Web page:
category, but it is very amusing to read.
The reduction of a gram quantity of plutonium was considered
a very big deal, because that amount of metal would allow much
improved measurements of many crucial material properties. The
reduction was supposed to take place on March 24, 1944, and
General Groves and several top administrators had been specially
invited to observe us as we did it.
Well, when does everything go wrong when you have a whole
lot of observers, right? So on the 23rd I said to Nick [Dallas], "Let's go
up to the lab and make the reduction tonight before all these people
get here." Nick agreed, and we carried out the reduction using the
hot-centered centrifuge bomb method. When it was done, we cut open
the bomb, dropped the little button of plutonium metal in a glass vial
and put it on Cyril Smith's desk with a note that read:
Here is your button of plutonium. We have gone to Santa Fe for the day.
Everyone was pretty mad at us and claimed that we had contaminated
the lathe and the back shop, when we opened the bomb
to retrieve the plutonium button. I don't believe that we had, but I
understood how they feit. In any case, once they had the button, they
immediately started measurements of the density and so forth ....
Magel and Dallas had produced the first sample
metallic plutonium that could be seen without the aid of a microscope.
It enabled measurements of the allotropic phases.
The thing to note here is that there are two
δ and δ',
in which the volume
when the temperature
is raised. This is totally counterintuitive and is another example of
just how bizarre an element plutonium is.
There were diagrams
during the war hut they were
rather rough-hewn. Most of the details were filled in after the war. To
give some idea, in 1958 a Russian chemist named Eugenii Makarov
published what became a standard text on the crystal chemistry of
uranium, thorium, plutonium, and neptunium. It was translated and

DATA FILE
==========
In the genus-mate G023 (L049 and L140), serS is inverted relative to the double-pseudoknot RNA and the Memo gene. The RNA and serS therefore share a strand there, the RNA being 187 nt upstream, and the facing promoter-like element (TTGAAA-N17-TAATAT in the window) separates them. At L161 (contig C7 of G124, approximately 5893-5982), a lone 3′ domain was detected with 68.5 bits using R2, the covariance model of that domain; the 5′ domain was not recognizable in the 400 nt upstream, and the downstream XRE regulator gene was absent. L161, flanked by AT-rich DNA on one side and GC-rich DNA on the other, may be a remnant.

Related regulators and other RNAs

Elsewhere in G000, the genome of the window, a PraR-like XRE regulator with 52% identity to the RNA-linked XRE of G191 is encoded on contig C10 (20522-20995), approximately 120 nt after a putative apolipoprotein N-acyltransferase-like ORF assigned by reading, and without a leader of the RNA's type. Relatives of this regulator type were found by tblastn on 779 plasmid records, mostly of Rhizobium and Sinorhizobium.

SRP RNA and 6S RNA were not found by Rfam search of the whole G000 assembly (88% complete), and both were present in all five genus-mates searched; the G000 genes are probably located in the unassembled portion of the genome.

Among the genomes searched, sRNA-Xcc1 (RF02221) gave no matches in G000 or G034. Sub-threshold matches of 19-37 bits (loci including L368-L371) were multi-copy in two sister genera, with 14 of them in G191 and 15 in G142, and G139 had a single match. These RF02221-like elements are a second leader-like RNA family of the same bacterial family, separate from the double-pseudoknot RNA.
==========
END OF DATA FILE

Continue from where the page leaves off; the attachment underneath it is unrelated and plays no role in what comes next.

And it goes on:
published in the United States the following year.
Even in 1958,
as their text makes clear, the crystal structure of the
unknown. The next year, Zachariasen showed that it had a similar
structure as the
During the war, anything that involved
simple scientific curiosity was put aside if it did not contribute to
making the bomb. One of the essential things that using these gram
samples of metallic plutonium enabled the Los Alamos people to do
was to measure the melting point of plutonium: the temperature at
which the metal melts. The early Met Lab experiments gave results
that seemed to be consistent (inconsistent? HJS) with the kind of temperatures one finds
for other metals. To give a few examples; iron melts at 1510 °C, while
steel melts at 1370 °C, copper at 1083 °C. On the other hand, it was
discovered that plutonium metal melts at 640 °C, an extraordinarily
low temperature, which you had better know if you are going to use
plutonium metal for something.
After making the first gram, Magel and Dallas made eight more
grams of the superpure plutonium that was thought to be required
for a gun-assembly weapon. But once it became clear that such a
weapon was impossible, superpure plutonium was no longer needed,
so they were out of a job. They decided to leave Los Alamos and join
a small Manhattan Project group at MIT.
© Jeremy Bernstein, 2007.